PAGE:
Dear Dr. Wallace:

I’m a 15-year-old girl, and I need information. A friend went to Florida to visit her married sister. While she was there, she participated in something called the “fainting high.” She said it gave her the ultimate high, and no drugs or alcohol were involved, and she could teach me to get high by fainting. I really don’t want to get high, and I don’t want to faint, either, but I still want to know more about this. It sounds totally bizarre. Can you give me any information? Why would anyone wish to faint on purpose?

— Puzzled, via email

Dear Puzzled: The fainting high is also known as the choking game and the passing out game. The goal of these games is to cut off the air supply. The resulting lack of oxygen to the brain brings a high without using chemicals.

Most teens that play this “game” think it is relatively safe, but, unfortunately, it can have a deadly end! According to the data gathered by medical examiners and coroners, this high has brought death or near death to thousands of American teens over several decades. Seventy-five percent of the deaths are male even though more girls than boys play the game. Boys are taught to be cool and tough, and this causes them to be without oxygen longer. Girls are more inclined to end the game sooner.

Parents are usually unaware that a teen is playing this potentially deadly game. With drugs or alcohol, alert parents often can detect warning signs such as changes in eating, sleeping and study habits, and, of course, the smell of alcohol on the teen’s breath. But teens exhibit no warning signs with this particular high.

Why do teens play this game? Many psychologists say the inclination to experiment with any type of dangerous behavior is often caused by peer pressure. Popular peers often accept teens that have low self-esteem or lack self-confidence when they participate in behaviors like this. The secret nature of the fainting high often encourages teens to search out others to also get high in this exciting way. The possibility of dying is never mentioned. Do not under any circumstance try this, and immediately warn your friend (and her parents) of the dangers involved.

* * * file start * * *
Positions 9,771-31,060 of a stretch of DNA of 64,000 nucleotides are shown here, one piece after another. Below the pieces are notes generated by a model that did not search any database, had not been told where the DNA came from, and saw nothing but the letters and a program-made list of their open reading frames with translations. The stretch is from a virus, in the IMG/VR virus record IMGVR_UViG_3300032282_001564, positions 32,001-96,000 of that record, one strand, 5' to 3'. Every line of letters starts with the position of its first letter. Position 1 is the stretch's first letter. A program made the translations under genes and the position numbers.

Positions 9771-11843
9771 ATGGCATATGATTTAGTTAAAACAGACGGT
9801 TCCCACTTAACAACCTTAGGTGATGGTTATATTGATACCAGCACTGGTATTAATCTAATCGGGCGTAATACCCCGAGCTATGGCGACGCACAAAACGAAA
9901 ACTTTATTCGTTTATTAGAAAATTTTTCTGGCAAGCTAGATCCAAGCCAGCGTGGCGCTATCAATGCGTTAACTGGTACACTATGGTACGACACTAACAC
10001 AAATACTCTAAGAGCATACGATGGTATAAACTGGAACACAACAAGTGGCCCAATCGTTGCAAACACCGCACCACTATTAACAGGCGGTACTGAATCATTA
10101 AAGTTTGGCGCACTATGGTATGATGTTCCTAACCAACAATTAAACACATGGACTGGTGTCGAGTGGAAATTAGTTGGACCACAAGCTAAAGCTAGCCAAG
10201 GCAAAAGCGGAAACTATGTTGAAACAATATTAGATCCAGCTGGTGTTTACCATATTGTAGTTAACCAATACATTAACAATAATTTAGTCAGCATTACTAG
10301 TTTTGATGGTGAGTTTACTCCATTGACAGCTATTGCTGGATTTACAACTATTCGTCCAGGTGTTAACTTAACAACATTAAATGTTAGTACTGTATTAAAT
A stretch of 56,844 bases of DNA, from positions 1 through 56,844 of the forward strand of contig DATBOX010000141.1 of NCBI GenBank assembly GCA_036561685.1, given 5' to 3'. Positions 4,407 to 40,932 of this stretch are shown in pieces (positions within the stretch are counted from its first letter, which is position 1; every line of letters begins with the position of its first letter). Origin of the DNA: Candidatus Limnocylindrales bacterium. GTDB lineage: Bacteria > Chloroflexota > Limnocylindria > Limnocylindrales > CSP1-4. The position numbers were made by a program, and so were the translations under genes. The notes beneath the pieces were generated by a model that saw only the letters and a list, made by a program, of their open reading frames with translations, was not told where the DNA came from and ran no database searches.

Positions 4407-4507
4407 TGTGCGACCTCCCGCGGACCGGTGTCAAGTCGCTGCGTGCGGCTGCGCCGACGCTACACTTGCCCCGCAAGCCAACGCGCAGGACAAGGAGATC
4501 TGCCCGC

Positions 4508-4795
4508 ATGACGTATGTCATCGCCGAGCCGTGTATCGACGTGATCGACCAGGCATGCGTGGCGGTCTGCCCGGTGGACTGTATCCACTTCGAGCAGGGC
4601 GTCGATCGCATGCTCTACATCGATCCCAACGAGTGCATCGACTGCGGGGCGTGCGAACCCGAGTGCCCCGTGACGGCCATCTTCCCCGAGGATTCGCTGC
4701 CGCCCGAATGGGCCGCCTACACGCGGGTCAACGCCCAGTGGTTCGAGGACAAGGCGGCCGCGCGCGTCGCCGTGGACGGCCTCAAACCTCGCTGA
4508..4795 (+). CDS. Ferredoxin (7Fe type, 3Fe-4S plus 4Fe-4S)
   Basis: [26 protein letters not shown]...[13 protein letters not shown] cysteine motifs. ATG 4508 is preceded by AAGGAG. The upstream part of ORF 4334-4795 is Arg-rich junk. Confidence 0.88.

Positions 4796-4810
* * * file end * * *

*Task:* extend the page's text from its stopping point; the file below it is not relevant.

Dear Dr. Wallace: I’m 17 and live alone with my mother. My parents got divorced five years ago, and my father has remarried and is living in a different state. My mom and I are pals. She is a wonderful mother, and I love her very much.

Mom is an attractive woman but has not been involved in the dating scene since my parents separated.

All of my dates pick me up at my house because that’s my mom’s rule, and I think it is a good thing. When the guy arrives, my mom is always dressed stylishly and has done her hair and makeup tastefully. I know she likes to meet my date and chat a bit, but it’s almost like she hits on the guy! Of course, she’s not trying to win these guys away from me; I think she just wants to feel like a beautiful woman. I’d rather she would have fun feeling like a beautiful woman with men of her own age. Should I just ignore mom acting like a teenager, or should I suggest she say hello at the door and not bring my dates in for a chat?

— Anonymous, Moline, Illinois

Dear Anonymous: If looking pretty to greet your dates is your mom’s only flaw, then allow her to recapture her youth a little by doing so. Say nothing more to her about looking great when she meets your dates. It could be she is almost ready to join the dating scene with men her own age and is slowly building up her confidence after a long time out of circulation. Based on your overall comments about your mother, I’d say she’s a pretty reliable, steady person, so I would not press this issue further with her.

as long as it remains just a series of harmless, brief conversations. You could ask her about her dating life sometime and encourage her to date again with your blessing when she finds a suitable man she is interested in.

— Write to Dr. Wallace at rwallace@galesburg.net.